Blockchain technology forms the backbone of bitcoin transactions, but new reports suggest that it could pave the way for the next generation of real estate transactions too. From what experts are suggesting, it seems that there is plenty to gain in the real estate sector – from faster transactions to lowering the incidence of fraud.
Why the real estate sector needs this change
The real estate sector is prime for the application of blockchain tech, a secure tamper-proof database of transactions. With homeowners selling their home on average every 5 to 7 years, the technology has the potential to impact millions. Especially considering the fact that most people shift home as many as 11.7 times during their lifetime. So far, blockchain technology has been considered only for use in transactions involving valuable international art or other high value goods. After the pharma sector, real estate experts are now looking at the possibilities.
Of late, as sales have begun picking up again and demand is outstripping supply, homeowners and buyers are both eager to close transactions as fast as possible.
Faster, cheaper, safer
The process of selling or buying a home is long-winded due to the legal aspects, documentation and verification. Laws surrounding home inspections, utility inspections, coupled with numerous sales restrictions, slow down the time taken to close a deal and complete a transaction. The financial verification leg currently carried out through third party verification, using escrow – designed to be a safety net against fraud – can actually slow down the process. In addition it costs homeowners money. Instead, a blockchain distributed database could be leveraged to determine authenticity quickly (and minus the cost of hiring the third party) so that the ownership can be transferred immediately. The technology is something Stuart Appley, the CTO of San Francisco based commercial real estate company Shorenstein Co. sees potential in. In a report in The Wall Street Journal, he was quoted as saying that the potential is huge.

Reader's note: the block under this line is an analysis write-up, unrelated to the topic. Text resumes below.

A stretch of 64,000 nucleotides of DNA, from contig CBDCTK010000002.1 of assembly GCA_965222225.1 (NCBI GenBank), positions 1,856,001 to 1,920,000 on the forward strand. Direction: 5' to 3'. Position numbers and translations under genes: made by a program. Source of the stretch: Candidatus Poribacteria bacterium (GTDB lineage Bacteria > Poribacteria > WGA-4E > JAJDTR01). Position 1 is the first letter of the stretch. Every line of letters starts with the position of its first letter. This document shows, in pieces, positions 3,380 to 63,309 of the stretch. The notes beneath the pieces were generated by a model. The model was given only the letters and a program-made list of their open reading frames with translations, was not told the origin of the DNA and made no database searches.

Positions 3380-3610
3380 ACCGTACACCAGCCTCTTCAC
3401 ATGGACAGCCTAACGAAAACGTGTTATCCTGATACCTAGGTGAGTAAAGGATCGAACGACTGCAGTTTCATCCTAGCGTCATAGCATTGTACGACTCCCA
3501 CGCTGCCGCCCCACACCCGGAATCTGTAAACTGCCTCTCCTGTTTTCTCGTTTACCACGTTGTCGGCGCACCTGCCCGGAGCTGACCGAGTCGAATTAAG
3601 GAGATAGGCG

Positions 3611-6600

Real estate scams and fraud are rife, and time-strapped buyers and sellers circumvent safety procedures to get the deal done quickly. Forgery and fabricated documents, which top the list of modes of real estate fraud, can be avoided with a database as incorruptible as Blockchain. The digital ownership certificates generated would be unique and near impossible to replicate.
It will also make transactions and the market much more transparent if ledgers are built on blockchain. Data on lease prices of other similar properties would be much easier to find. In addition, information on prior owners and tenants, the age of the property, information on buildings nearby, and more, would be quick and easy to access.